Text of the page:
We all know with the holidays, time runs short really easily. So, let’s look at how to keep health and fitness in your crazy holiday schedule.
First, and best advice, is to focus on quality over quantity. You don’t have to spend an hour on your workout when you could bust out a hard core workout in just 30 minutes. Try knocking out 2 or more muscle groups back to back while reducing rest time. For your cardio, try doing intervals or tabata training. This will keep the challenge high and reduce the time required for the workout.
Another idea is workout at home and focus on the basics! Push-ups, pull ups and squats. You do not need a gym for a great workout if you focus on these basics.
The healthy eating is the biggest holiday challenge. Junk food is everywhere!! But don’t get down on yourself if you have a few slip ups. We are all human. Just focus on portion control, then the little indulgences won’t add up as much.
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Every year I meet people that make very unrealistic health and fitness goals for their New Year’s resolution, and, within a month, they give up. That doesn’t have to be you. Get Inspired.Set attainable goals. The most common mistake people make is to set one large goal. It is important to set small goals for short term and long term. Instead of saying “I want to lose 50 lbs. by summer” (which is unhealthy), try the small goal of losing 1-2 lbs. a week. It doesn’t sounds like much but a small step forward is still a step forward. I use the SMART goal system. SMART stands for Specific, Measurable, Attainable, Realistic, and Timely.
Get a trainer. Even if it’s once a week or once a month, a trainer will help you assess your current fitness level, set goals you can attain, and help you choose workouts to get you to your goals. They can make sure you are doing your exercises correctly to avoid injury and can help you stay motivated. Don’t forget, even Arnold Schwarzenegger, Lou Ferrigno and Ronda Rousey had help.
Eat for success. You can’t get lean and fit with a poor diet. Start by eliminating empty calories such as soda pop, juices, candy, and other junk foods. You can still have an occasional treat but everything should be in moderation. Then calculate your needed calories and eat by the numbers, keeping a balance between fruits and veggies, and lean proteins and healthy fats.
Create a support system. Health and fitness goals are hard to meet on your own. Friends, family, and co-workers might not understand your goals and inadvertently try to sabotage your effort. You worked out yesterday, you can skip it today or one cookie won’t hurt you. Surround yourself with as many like minded people as you can, from work-out buddies to health conscious eaters.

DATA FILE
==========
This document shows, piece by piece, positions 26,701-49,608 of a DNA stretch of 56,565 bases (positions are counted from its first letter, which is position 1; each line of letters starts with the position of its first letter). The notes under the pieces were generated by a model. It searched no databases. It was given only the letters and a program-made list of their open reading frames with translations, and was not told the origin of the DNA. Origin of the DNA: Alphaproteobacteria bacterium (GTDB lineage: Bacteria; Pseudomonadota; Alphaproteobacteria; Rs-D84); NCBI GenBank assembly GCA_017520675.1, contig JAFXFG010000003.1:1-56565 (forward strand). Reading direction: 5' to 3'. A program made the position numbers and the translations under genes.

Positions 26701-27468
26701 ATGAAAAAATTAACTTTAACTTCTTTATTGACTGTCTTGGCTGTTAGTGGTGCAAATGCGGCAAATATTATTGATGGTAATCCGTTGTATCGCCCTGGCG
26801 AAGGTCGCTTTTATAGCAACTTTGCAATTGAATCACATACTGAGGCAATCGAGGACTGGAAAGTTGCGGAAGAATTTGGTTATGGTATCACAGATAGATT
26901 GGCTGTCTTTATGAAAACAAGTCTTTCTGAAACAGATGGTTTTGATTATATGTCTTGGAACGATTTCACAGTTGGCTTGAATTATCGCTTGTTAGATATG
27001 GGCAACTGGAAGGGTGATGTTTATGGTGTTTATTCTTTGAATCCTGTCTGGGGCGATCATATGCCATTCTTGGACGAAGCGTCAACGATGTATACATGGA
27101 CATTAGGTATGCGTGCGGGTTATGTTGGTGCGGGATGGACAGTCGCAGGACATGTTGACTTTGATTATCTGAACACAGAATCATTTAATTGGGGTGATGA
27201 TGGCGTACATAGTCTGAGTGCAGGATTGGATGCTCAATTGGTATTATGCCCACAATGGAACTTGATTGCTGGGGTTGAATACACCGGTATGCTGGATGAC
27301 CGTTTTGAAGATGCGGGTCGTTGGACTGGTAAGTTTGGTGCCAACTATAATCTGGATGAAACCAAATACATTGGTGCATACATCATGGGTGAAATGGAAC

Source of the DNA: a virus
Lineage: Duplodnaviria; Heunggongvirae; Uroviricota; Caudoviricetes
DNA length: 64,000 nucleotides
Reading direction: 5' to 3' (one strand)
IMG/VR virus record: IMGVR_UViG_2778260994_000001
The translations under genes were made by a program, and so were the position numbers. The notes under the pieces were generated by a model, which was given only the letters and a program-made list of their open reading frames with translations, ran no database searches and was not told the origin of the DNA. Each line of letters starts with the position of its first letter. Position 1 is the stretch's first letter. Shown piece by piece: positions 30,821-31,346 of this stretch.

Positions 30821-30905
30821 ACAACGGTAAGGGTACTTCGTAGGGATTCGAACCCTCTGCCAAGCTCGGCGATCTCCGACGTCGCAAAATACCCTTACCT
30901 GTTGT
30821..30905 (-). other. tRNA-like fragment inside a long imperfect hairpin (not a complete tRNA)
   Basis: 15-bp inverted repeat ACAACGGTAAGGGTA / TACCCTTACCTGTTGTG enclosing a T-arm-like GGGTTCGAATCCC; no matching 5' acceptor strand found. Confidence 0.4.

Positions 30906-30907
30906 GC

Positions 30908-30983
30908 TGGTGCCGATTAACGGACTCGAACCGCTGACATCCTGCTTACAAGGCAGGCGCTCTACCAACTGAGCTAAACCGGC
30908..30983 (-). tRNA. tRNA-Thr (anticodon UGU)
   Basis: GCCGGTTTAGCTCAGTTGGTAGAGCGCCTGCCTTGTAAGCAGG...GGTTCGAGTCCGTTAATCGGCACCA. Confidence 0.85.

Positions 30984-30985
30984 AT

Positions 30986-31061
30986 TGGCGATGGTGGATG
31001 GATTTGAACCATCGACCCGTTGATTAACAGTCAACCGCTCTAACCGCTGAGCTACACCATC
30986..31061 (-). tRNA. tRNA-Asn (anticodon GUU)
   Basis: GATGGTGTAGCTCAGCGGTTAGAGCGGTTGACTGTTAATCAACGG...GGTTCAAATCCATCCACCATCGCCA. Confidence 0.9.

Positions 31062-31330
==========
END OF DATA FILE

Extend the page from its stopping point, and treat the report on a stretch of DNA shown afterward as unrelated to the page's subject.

Don’t focus on the scale. At first you may drop weight fast, then plateau on weight loss. This is common and very frustrating. Instead focus on how you feel, how much energy you have, how well you sleep, and how your clothes fit. Keep in mind that set backs can happen and they are nothing to worry about. It is also possible that you are putting on lean muscle.
Treat your fitness goals as a life style change and stick to your convictions. It takes time to turn a new routine into a habit. Remember, everybody is different and reaching your goals may mean different approaches than someone else. Your fitness journey will be unique but follow these five simple tips for continued success.
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The human body has 3 metabolic energy systems:
All physical activity requires energy and that energy comes from burning phosphates, ATP (adenosine triphosphate) and converting it to ADP (adenosine diphosphate).
It is during short term intense activities that this conversion happens. Once the ATP has converted to ADP the body draws Creatine phosphate from the deep skeletal muscles to replace the used phosphate. No carbohydrates or fats are used in this process and since oxygen is not used in this it is anaerobic. This energy source usually only lasts up to 10-seconds, also there is a limited amount of ATP and Creatine phosphate so fatigue sets in quick.
Now for the Glycolytic energy system. This system produces energy for 30 seconds to 2 minutes. This system refuels your ATP by converting sugars in the system (gained from carbohydrates) to energy. Not a lot of energy is given off with this conversion but you do get the energy faster.
The Aerobic system tends to be the most complex, and is dependent on oxygen. The metabolic reaction to oxygen in the system is what creates the largest supply of energy in the body. On the flip side to this is the slowest method of refueling your ATP. It is the aerobic system that will also break down the fats as fuel. This is a long and complex system and will be fully covered in later posts.
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